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Spilling our “GUTS”: Five additional songs added to Olivia Rodrigo’s second

Fans were completely awestruck when Olivia Rodrigo announced “GUTS (spilled)” on the second night of her Chicago shows during her “GUTS world tour.” Fans had suspected that something was coming due to the unreleased track “obsessed” being added to the tour setlist. Considering that Rodrigo included a mix of old and new songs to her new setlist and dropped a music video to “obsessed” on Mar. 22, fans
were curious to see what themes and genres the five songs on the deluxe edition would consist of.

The deluxe edition contains the songs “obsessed,” “girl i’ve always been,” “scared of my guitar,” “stranger,” and “so american.” The new songs explain a new phase of a relationship where there is no denying the damage done and making peace with the outcome. Rodrigo accomplishes this without putting it on the female counterpart, a perspective that we hear from Rodrigo herself. Using gaslighting as a scapegoat and not breaking down over our flaws is a major theme of the five released songs. Not fitting into the box at the same time, fearing that we’ll step into the cracks and fall, is a subtopic.

“Obsessed” makes a point of exploring the feeling that the present girl will eventually become the stereotype, the name written on the page, the last one standing. Standing in the music and realizing that those fears aren’t wrong for you, they’re right, but not wanting the sob sessions is part of this mindset. The sense of closure and the healing time is scary, knowing that it’s not up to you or the other person to fix it.

It’s no easy process, though. Putting trust in life to find the Mr. Right in a world that pins females up on the fact of whether or not they’re dating rather than the quality of the relationship, makes it quite hard, especially in college. The accomplishments of a female also don’t add to the timeliness of a male settling down, so that trap is always set.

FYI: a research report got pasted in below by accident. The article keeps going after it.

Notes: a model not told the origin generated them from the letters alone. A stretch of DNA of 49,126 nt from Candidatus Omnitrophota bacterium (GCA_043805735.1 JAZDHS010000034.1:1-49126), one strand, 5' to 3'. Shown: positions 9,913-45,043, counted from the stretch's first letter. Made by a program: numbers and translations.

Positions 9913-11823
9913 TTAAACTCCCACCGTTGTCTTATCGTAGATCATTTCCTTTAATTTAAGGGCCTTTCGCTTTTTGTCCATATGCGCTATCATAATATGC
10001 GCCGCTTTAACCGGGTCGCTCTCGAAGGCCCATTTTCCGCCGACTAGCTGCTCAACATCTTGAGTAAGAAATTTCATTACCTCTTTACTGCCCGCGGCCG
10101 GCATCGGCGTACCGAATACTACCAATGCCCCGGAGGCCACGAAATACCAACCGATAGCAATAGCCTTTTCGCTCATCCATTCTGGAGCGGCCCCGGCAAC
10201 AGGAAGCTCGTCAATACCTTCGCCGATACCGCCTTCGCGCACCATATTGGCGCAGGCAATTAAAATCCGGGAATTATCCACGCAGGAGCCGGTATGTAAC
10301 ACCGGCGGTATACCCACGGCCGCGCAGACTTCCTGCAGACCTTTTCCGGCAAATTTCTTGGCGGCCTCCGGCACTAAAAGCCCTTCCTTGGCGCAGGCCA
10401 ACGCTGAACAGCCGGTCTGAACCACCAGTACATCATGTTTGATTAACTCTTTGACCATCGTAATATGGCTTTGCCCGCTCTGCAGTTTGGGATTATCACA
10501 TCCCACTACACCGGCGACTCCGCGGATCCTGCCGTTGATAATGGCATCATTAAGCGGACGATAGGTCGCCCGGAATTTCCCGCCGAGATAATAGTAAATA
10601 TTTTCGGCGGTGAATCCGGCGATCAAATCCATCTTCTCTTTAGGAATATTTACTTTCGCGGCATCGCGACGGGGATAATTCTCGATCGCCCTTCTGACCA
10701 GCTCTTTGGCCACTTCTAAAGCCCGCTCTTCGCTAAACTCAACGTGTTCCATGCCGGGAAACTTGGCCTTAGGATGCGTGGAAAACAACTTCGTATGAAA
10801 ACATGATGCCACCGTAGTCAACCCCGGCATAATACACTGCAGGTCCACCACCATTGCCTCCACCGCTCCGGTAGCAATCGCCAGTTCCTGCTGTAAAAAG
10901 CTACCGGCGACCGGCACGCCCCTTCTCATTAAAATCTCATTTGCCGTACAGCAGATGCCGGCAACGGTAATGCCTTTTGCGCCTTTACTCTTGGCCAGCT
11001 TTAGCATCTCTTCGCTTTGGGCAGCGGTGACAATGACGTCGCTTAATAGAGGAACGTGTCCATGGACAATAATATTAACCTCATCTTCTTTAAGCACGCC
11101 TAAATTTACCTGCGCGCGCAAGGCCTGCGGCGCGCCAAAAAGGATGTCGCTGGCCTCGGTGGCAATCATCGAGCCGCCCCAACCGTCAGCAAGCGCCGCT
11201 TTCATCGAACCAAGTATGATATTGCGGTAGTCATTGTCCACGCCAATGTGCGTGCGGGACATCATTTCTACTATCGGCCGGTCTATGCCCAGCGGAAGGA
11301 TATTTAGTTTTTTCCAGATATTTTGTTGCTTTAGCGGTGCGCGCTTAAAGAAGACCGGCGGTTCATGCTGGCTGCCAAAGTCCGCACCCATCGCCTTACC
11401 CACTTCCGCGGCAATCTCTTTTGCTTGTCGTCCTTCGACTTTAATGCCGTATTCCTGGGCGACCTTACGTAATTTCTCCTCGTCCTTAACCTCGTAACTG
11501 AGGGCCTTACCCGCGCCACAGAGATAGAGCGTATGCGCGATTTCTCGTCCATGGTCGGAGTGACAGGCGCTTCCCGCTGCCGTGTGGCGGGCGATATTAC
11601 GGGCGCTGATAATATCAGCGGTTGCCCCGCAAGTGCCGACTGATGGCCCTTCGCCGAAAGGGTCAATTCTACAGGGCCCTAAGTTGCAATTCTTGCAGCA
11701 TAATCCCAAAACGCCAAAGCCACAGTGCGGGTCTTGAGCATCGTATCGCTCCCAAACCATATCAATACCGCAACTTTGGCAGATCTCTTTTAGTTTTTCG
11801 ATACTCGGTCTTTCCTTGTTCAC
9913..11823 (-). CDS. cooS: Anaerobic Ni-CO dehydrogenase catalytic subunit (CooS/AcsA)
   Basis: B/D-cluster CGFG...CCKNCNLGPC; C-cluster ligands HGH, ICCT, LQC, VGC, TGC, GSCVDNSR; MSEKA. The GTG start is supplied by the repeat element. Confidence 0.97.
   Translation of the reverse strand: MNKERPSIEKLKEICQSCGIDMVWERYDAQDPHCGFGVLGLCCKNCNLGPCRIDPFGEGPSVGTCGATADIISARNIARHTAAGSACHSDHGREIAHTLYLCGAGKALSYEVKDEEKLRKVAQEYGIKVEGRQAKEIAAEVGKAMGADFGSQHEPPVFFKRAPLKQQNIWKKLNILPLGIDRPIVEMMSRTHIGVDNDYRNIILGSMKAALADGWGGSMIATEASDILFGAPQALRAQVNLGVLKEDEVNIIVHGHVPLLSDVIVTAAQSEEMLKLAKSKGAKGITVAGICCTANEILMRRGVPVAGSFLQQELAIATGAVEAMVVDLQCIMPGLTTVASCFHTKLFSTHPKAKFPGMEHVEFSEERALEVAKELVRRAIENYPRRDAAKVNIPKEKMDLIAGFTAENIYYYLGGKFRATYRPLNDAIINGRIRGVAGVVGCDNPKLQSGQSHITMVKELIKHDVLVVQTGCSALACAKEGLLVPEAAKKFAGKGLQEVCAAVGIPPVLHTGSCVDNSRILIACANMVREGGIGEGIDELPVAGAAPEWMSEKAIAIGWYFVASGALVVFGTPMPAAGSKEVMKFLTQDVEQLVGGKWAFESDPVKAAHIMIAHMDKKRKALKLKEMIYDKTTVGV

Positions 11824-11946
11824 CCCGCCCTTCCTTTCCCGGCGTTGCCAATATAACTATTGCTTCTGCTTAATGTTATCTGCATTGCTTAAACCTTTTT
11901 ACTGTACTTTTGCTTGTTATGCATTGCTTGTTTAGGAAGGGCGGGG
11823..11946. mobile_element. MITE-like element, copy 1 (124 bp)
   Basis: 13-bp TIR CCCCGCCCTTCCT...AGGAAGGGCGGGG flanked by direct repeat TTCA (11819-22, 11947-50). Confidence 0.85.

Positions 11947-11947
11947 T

What is truly remarkable is that “GUTS (spilled)” plays to the more classical nature of hits like “vampire” that was featured on the original album. Burnout, deja vu, confusion, resentment, and doubt spilling into every other aspect of life are the unreleased tracks’ true strengths. Wanting to have compromise or too much, to be just what one is, and crafting your narrative are key changes in the previous and new version of “GUTS.” The listener can see Rodrigo’s reluctance to share these songs. That’s where the honest, ugly, un-feminine side comes out.

Being aware of the stereotypes but also not apologizing and demanding an equal narrative for each gender are the crucial points she argues by adding these songs to the official album. As females, we’re supposed to be perfect, to be lovesick, to be the victims of a breakup, but we hold the power. We are not the ones who have to take the blame or be at fault through pettiness and drama by taking sides.

Rodrigo is the master of this narrative, which is so powerful. It was purely not accidental in this way. We cried, screamed, and moved on through this alternate ending that was originally curated for audiences to hear. It also adds to the earlier themes established in her first album, “SOUR.” This came out of the middle of the pandemic when most of us were navigating the end of high school and heading into college.

Now we’re heading into our early 20s, somehow we must become adult women. The punk rock, angsty nature adds to this, and the classic allows us to add the feminine without being labeled hormonal or emotional. It’s no longer our age, it’s gender politics. It’s no longer painstakingly brutal cause we’re spilling our emotional guts through feminine tales of courage that we’ve stuffed down for ages.